Personal Space

© Rosemary Williams, RW Coaching

Recently when I went to join a queue I notice a 2m distance between a person obviously in the queue and someone who seemed to be in it. I watched for a second as they were on the ‘phone. They moved forward, following the person in front but even though they had finished their ‘phone call they still kept the same distance. I went behind them and others joined the queue behind me, not in front of the person. They also thought this person was in the queue.  Have you noticed this anywhere?

I began to think about personal space. I moved forward, but the person did not show that a short space behind was uncomfortable. Thus their personal space in front was 2m and less than ½ m behind. Mmmm.  Have you felt people were too close to you when you were in a queue, in public or in private? Your reaction, however slight, is instinctive. You may immediately turn, moved away or otherwise indicated they are too close to them.

Watching a child is interesting as they show their desire for personal space as they developed more self-awareness.

Historically we have deep seated protective instincts, naturally keeping a safe distance from some-one. I’ve heard the line in the House of Commons is to keep people out of reach of an opponent’s sword.  The greatest distance is when you have an audience. Space reduces the chance of germ transfer through contagion or infection.  In public, with strangers or people we do not yet trust we tend to keep people at least at ‘arm’s length’ in front, although we may tolerate some-one closer behind us, we begin to feel uncomfortable.  Basically we like to feel safe.

We may stay within arm’s length when we are with people we can know and trust them.  They are less likely to attack us, so they are allowed to be within reach. What about people who like each other?  Lovers? The distance between them may be the shortest. They are within reach to touch each other, in fact they may be touching without either feeling uncomfortable.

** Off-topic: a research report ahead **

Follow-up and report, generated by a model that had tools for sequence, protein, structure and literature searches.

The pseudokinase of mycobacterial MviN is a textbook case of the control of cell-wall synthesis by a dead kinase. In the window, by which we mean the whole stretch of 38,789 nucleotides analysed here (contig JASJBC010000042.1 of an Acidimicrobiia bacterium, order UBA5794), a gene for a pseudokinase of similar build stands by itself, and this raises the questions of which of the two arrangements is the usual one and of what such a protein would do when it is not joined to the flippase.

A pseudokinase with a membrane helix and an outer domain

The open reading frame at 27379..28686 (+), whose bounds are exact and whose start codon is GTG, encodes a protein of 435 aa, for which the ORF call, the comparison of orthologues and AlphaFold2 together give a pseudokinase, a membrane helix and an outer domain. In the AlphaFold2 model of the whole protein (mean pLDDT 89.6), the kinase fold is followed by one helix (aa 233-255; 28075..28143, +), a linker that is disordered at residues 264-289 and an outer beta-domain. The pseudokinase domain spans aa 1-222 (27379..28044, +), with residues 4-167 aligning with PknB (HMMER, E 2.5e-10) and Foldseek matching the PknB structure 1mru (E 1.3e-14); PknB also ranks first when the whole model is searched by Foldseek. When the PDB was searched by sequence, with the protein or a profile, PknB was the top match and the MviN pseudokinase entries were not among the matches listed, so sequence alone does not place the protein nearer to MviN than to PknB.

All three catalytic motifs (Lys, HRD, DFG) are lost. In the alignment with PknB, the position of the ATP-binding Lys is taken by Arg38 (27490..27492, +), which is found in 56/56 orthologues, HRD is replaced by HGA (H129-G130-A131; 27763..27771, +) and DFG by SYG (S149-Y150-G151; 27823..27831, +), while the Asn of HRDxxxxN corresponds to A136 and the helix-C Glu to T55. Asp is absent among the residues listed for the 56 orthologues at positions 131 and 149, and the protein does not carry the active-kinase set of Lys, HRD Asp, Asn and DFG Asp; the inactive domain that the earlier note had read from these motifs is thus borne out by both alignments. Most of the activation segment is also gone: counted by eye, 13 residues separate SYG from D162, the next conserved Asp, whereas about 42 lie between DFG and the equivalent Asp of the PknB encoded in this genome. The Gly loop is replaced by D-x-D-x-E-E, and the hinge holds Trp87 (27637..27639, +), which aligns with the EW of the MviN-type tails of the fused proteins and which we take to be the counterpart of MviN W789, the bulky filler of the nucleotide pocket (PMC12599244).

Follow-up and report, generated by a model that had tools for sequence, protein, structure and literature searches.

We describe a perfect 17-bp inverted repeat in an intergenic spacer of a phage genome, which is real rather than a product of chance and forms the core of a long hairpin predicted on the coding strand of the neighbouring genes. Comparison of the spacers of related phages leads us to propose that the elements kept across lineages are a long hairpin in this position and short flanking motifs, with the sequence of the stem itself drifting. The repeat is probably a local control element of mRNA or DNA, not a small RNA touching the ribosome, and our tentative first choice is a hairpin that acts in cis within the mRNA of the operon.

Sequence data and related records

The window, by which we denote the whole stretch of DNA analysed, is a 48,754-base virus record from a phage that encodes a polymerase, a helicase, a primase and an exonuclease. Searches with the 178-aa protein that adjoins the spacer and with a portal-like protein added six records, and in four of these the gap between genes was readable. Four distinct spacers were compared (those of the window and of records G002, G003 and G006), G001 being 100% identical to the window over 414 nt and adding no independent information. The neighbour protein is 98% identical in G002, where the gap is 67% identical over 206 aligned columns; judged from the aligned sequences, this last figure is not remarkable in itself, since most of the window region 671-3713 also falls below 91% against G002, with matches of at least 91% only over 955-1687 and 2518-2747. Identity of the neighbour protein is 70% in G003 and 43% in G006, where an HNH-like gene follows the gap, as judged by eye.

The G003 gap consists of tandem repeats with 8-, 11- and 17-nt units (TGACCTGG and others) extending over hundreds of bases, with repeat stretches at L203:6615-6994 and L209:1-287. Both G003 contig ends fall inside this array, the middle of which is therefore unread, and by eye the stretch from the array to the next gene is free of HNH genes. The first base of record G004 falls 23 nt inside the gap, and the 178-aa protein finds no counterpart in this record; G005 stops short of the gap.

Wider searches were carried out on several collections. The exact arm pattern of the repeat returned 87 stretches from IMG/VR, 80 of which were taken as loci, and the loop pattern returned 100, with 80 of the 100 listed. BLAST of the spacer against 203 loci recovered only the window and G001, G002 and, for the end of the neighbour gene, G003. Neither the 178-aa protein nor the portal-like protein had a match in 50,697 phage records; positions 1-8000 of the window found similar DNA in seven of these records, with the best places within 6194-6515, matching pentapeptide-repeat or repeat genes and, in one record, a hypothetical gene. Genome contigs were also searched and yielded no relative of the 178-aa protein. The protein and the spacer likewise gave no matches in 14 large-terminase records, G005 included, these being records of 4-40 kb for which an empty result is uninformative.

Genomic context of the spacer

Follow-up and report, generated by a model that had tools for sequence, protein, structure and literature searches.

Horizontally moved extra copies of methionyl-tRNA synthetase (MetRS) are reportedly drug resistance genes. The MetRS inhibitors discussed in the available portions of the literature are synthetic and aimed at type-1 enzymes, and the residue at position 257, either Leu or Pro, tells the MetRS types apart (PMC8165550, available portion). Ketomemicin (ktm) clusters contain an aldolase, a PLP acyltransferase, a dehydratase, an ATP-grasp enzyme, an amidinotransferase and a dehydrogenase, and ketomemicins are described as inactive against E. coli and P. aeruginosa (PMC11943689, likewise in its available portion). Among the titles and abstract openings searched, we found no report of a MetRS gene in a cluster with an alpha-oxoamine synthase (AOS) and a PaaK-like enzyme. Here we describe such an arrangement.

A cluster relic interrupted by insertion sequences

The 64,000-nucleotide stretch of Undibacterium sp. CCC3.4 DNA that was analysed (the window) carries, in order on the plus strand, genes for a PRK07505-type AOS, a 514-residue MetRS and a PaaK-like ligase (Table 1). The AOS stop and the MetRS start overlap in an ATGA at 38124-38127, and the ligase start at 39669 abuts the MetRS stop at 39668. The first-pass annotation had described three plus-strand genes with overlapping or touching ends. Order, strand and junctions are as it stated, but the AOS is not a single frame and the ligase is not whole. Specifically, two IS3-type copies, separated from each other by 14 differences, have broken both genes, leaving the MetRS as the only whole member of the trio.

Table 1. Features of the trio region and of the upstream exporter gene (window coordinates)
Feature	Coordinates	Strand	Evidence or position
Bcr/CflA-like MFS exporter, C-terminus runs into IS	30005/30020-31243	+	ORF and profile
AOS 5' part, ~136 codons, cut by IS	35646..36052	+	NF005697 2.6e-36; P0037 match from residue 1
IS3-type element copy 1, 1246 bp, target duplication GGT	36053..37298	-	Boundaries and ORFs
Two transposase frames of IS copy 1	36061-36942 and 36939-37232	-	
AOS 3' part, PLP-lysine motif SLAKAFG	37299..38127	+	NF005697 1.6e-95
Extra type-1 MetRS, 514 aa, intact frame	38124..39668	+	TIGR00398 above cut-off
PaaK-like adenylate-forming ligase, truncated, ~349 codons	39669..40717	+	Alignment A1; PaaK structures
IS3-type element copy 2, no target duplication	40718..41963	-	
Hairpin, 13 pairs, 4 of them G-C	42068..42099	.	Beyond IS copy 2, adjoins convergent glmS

Have you noticed how you can ‘feel your hackles rise’ when some-one is within your personal space? People can become increasingly angry as the space between them reduces. It can show with crowds, close living and driving.   

Remember there are personal differences due to experience, body hygiene and cultural.  Meeting and greeting customs which are within the personal space are kept to a minimum with those we do not feel comfortable with yet.

If some-one can get closer to you when you are using a technological device, does this mean technology is altering our feelings about personal space or lowering our awareness of others?  Or is technology invading our personal space?

I would welcome discussing your views and how personal space affects your business.